A lot of what’s written about preventing math anxiety in kids is directed at classroom teachers. There are suggestions for creating an optimistic and safe classroom where questions are valued and group work is encouraged. But parents don’t run the classroom. So what can we do at home to help our kids grow up confident in math?
Raising math-confident kids starts early, and strategies evolve as the child grows. All along, though, the basic parental messages are the same.
- Numbers are cool. Math is fascinating, and it can be beautiful.
- People like you can do math. It’s a matter of effort and practice.
- People who use math well have power.
- It’s your right to get a good math education—but you have to work at it, too.
- Understanding math will give you lots of choices in your life and career.
- People learn in different ways; different topics are hard or easy for different people. The key is to find out what works for you.
- Always try to understand.
But parental messages aren’t just about what we say. They’re about what we do day-to-day. So what can we do concretely to send these messages about math?
Preschool and early grades
In young children, play games or share activities that include counting, measuring, sorting and comparing. Count out and sort the silverware or clean socks. Bake together or make up a mud pie recipe. Talk about more, bigger, heavier, less, fewer, smaller, and lighter. Notice and name shapes. Play simple board games with dice, or strategy games like checkers. Guess how many mailboxes are on your street and then count them. The main point is to have fun, and once in a while to mention that the fun things you’re doing are all a kind of math.
As children learn to write numerals, encourage them to be artistic if they choose. Let them write numbers in different colors or decorate their pages. Doing so won’t be helping them learn mathematical concepts, but it may increase their emotional connection and good feelings about numbers.
In the library, seek out storybooks that feature math. A few examples are Anno’s Math Games, by Mitsumasa Anno; The Doorbell Rang, by Pat Hutchins; Measuring Penny by Loreen Leedy; and One Hundred Hungry Ants by Elinor Pinczes.
Elementary school: the challenges of homework and math facts
As students enter elementary school, more of their math education is moving out of your hands. You’ll start seeing homework, and you may not be sure how to help. Start by expressing interest. Can your child explain what she’s learning? Can he show you how to do a certain kind of problem? For word problems, ask the child to challenge you by making up a similar problem of her own. Reason it through out loud. See if she can catch you in a mistake. Doing this accomplishes two things. Thinking backward about how to set up a problem requires real understanding and helps the child see how math connects to the real world. And hearing you reason, stumble, make mistakes and correct yourself helps the child see that mistakes are part of learning.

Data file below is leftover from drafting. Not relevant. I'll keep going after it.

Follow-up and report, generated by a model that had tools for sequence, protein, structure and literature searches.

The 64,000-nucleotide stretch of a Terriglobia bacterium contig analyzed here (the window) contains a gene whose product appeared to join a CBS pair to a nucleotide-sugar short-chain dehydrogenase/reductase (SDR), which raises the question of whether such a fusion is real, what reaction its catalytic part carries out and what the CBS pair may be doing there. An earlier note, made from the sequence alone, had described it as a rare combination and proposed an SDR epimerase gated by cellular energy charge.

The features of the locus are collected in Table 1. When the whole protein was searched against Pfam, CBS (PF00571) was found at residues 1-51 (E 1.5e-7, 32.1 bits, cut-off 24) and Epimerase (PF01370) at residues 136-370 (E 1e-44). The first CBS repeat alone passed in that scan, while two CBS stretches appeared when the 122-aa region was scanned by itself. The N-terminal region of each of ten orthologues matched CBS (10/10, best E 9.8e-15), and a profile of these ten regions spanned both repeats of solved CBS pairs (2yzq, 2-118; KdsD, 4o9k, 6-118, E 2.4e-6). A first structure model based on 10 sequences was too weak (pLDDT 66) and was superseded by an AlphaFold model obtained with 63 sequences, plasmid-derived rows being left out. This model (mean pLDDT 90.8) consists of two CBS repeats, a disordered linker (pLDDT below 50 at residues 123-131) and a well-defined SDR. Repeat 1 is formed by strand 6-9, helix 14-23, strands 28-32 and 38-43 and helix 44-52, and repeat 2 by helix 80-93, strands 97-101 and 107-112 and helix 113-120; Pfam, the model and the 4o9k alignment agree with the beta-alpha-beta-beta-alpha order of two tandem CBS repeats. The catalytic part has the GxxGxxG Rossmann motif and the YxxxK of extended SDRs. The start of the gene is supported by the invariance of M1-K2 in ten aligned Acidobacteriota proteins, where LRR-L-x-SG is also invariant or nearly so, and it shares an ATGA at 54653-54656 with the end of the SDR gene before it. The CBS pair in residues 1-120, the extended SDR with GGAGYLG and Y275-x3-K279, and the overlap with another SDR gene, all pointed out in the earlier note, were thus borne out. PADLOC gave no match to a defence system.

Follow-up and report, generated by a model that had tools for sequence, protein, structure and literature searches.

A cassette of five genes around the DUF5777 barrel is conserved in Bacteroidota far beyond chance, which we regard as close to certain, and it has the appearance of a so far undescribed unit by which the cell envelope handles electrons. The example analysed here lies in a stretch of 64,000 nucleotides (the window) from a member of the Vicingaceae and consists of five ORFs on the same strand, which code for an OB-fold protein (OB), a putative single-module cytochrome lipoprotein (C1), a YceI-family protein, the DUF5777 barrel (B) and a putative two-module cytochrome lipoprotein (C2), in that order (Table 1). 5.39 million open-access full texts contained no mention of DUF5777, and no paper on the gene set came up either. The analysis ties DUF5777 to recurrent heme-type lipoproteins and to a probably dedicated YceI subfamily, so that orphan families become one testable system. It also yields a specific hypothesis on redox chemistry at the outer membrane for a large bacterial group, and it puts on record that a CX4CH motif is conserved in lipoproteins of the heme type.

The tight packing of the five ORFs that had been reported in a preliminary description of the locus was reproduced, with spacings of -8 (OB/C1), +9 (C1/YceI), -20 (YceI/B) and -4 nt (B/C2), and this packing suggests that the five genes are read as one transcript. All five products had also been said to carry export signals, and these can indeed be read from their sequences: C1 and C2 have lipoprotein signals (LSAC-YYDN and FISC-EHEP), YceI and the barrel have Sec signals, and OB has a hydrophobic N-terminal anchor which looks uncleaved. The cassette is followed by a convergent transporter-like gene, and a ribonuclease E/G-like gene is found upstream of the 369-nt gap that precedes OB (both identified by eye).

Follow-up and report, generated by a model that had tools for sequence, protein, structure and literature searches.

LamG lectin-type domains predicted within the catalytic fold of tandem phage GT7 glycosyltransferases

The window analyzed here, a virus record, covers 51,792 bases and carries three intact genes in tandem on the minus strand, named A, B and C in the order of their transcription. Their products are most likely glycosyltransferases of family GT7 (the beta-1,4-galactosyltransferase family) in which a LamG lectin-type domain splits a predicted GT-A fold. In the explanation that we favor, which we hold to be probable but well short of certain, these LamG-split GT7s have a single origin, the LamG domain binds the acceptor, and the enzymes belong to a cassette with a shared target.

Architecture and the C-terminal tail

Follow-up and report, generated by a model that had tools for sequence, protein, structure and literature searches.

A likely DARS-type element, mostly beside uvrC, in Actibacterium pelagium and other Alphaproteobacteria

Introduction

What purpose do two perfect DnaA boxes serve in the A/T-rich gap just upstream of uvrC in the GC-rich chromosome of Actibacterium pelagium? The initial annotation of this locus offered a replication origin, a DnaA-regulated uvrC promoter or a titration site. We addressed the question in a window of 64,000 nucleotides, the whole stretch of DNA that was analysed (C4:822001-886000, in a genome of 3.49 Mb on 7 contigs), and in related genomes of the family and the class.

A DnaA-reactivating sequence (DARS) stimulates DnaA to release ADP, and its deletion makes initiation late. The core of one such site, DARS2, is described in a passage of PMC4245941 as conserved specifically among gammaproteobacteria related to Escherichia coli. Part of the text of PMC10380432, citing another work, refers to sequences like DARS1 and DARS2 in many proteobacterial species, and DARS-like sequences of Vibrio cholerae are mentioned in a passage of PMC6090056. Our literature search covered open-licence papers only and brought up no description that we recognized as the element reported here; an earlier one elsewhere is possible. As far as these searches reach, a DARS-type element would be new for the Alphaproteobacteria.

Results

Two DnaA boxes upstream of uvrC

One big stumbling block for elementary school kids is mastering their math facts: addition, subtraction, multiplication and division. This is a tricky one. Many parents blame school curriculum if their kids have trouble mastering the multiplication tables, but the truth is that most kids struggle with multiplication no matter what math books they use. So how do we get our kids to practice to the point of fluency without convincing them that math is drudgery?
The key is to make practice a game. Multiplication bingo, computer games, rap songs--- do whatever it takes. A child who is fluent in basic facts has a much easier time of it in more complex mathematics.
When your child brings home a math test, don’t focus on the grade he received. Instead, look it over and comment on how much he’s learned. For missed questions, ask, “Do you understand what you did wrong?” Ask him to give an example of a similar problem and how he would solve it. Comment on how great it is that his positive attitude is helping him learn from mistakes
Middle School and Beyond
Older kids may not want you interfering in their homework. But you still have important messages to convey. Probably the most important (and one of the hardest to get across) is that the point of homework is not to rush through it as fast as possible. The point of homework is to understand the problems and the underlying mathematics. Kids should ask themselves what they’re trying to learn and check on whether they feel confident they have learned it. They should continue to make up questions for themselves. Encourage them to be proactive about asking questions of the teachers and other students. Tell them that questions show that they’re paying attention and thinking hard.
If your child is anxious about tests, strong preparation is key. Doing a little bit of review every day is more efficient than cramming on the last day before a test. Here the old trick of making up problems will come to your child’s aid. Study sessions with friends who ask each other questions are especially useful. We learn and retain more by actively coming up with questions and solutions than by reviewing old notes.
Encourage your child to knock off from studying early on the night before an exam. Taking a break can help her relax, but it also ingrains the idea, important for a healthy life in high school and college, that studying is something you pace over time.
If test anxiety remains a problem, your child should learn some relaxation techniques. Deep breathing exercises, visualizing success or a sunny beach, or silently repeating a phrase such as, “I am prepared and math makes sense to me” can all be helpful.
Finally, your child will be less anxious if he knows that no matter how he does on the test, you’ll still be interested, sympathetic, and supportive. Sure, the test is important, but bonds to parents are even more important. The math will always still be out there, ready to be learned.